Services for David Aschauer, revered researcher and colleague, on Sept. 17
David Aschauer, a Bates economics professor known nationally for research illustrating the economic stimulus provided by government spending on public infrastructure, died Monday, Aug. 22.
Aschauer, the Elmer W. Campbell Professor of Economics at Bates since 1990, died while swimming in a triathlon off the coast of Cape Elizabeth, Maine. He was 58 years old.
- Funeral and celebration of David Aschauer’s life: 11 a.m. Saturday, Sept. 17, at the St. John the Baptist Church, 39 Pleasant St., Brunswick. At his family’s request, Bates College will join the family in hosting a reception at the Edmund S. Muskie Archives, 70 Campus Ave., following the funeral.
- Click here for directions (via Google Maps) to Muskie Archives, 70 Campus Ave. in Lewiston, Maine.
- The Boston Globe explores his zeal for life and self-improvement.
“As a researcher and a colleague, David was revered at Bates and throughout his profession. He will be sorely missed,” says Pam Baker, the college’s dean of the faculty.
In 1988, as a senior economist at the Federal Reserve Bank in Chicago, Aschauer made a claim that, as The Atlantic Monthly would later say, “set the economics profession on its ear.” Aschauer conducted research indicating that government spending on infrastructure — roads, bridges, airports — could improve economic productivity.
As infrastructure spending increased during the 1950s and 1960s, so did productivity; as public investment ebbed into the 1980s, so again did productivity.
Writing for The Atlantic, Jonathan Rauch used Aschauer’s research as the centerpiece for his article “Taking Stock,” a widely noted assessment of federal spending priorities that appeared in the January-February 2003 issue.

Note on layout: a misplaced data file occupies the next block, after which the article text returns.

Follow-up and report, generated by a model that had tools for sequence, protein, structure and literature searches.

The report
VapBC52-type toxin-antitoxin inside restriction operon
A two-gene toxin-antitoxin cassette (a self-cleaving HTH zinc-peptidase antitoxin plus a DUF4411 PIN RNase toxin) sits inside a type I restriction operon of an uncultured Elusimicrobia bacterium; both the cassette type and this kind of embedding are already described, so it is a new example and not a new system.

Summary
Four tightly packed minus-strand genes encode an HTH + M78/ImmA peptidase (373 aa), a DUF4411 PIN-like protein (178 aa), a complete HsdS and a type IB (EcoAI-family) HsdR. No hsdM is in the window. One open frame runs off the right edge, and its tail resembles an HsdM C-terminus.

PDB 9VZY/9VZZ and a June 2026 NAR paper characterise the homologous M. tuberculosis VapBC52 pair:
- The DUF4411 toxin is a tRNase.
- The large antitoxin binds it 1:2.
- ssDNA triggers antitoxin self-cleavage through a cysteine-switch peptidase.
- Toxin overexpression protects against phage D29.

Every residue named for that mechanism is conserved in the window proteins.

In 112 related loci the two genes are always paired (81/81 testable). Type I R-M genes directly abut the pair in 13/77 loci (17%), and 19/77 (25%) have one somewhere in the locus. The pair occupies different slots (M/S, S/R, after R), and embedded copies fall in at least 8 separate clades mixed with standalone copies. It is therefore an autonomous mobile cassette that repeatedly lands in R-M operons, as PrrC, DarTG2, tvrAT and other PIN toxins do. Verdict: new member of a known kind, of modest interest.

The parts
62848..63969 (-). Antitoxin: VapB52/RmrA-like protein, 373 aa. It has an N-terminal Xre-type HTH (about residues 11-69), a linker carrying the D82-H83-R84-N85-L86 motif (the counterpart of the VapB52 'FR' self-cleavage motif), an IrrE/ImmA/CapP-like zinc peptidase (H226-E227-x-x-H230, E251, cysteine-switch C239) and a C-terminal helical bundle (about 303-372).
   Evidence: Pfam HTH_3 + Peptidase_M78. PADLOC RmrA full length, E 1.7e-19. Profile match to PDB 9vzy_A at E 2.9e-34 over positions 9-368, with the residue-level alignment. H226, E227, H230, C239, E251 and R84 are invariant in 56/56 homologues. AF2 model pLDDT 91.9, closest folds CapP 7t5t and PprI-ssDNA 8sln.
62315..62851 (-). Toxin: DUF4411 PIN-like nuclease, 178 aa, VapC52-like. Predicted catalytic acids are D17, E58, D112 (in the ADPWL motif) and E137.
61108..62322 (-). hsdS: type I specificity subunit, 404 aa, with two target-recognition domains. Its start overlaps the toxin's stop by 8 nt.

That same year, Aschauer was named the single most-cited full professor of economics at a U.S. liberal arts college in the annual study Economic Scholarship at Elite Liberal Arts Colleges: Are Other Economists Paying Attention?
At Bates, David was known as a fine teacher, scholar, adviser and colleague. His teaching and research interests centered on macroeconomics, financial markets and economic growth. His recent research looked at the relationship between fiscal and monetary policy in the United States, as well as relationships between real interest rates and real exchange rates in an open-economy setting.
In addition, he investigated transitional macroeconomics, with a focus on Russia and Ukraine.
He graduated in 1975 from the University of Kansas and received his doctorate in 1983 from the University of Rochester. In the 1980s, in his role with the Federal Reserve Bank, Aschauer was a widely respected consultant to the World Bank, the National Academy of Sciences and the National Competitiveness Council, among others.
Prior to Bates, he taught at the University of Michigan. He has been a visiting scholar at the Japanese Ministry of Finance and the Jerome Levy Institute, and a visiting professor at the University of Chicago, Northwestern University, the University of Kiev and Bowdoin College.
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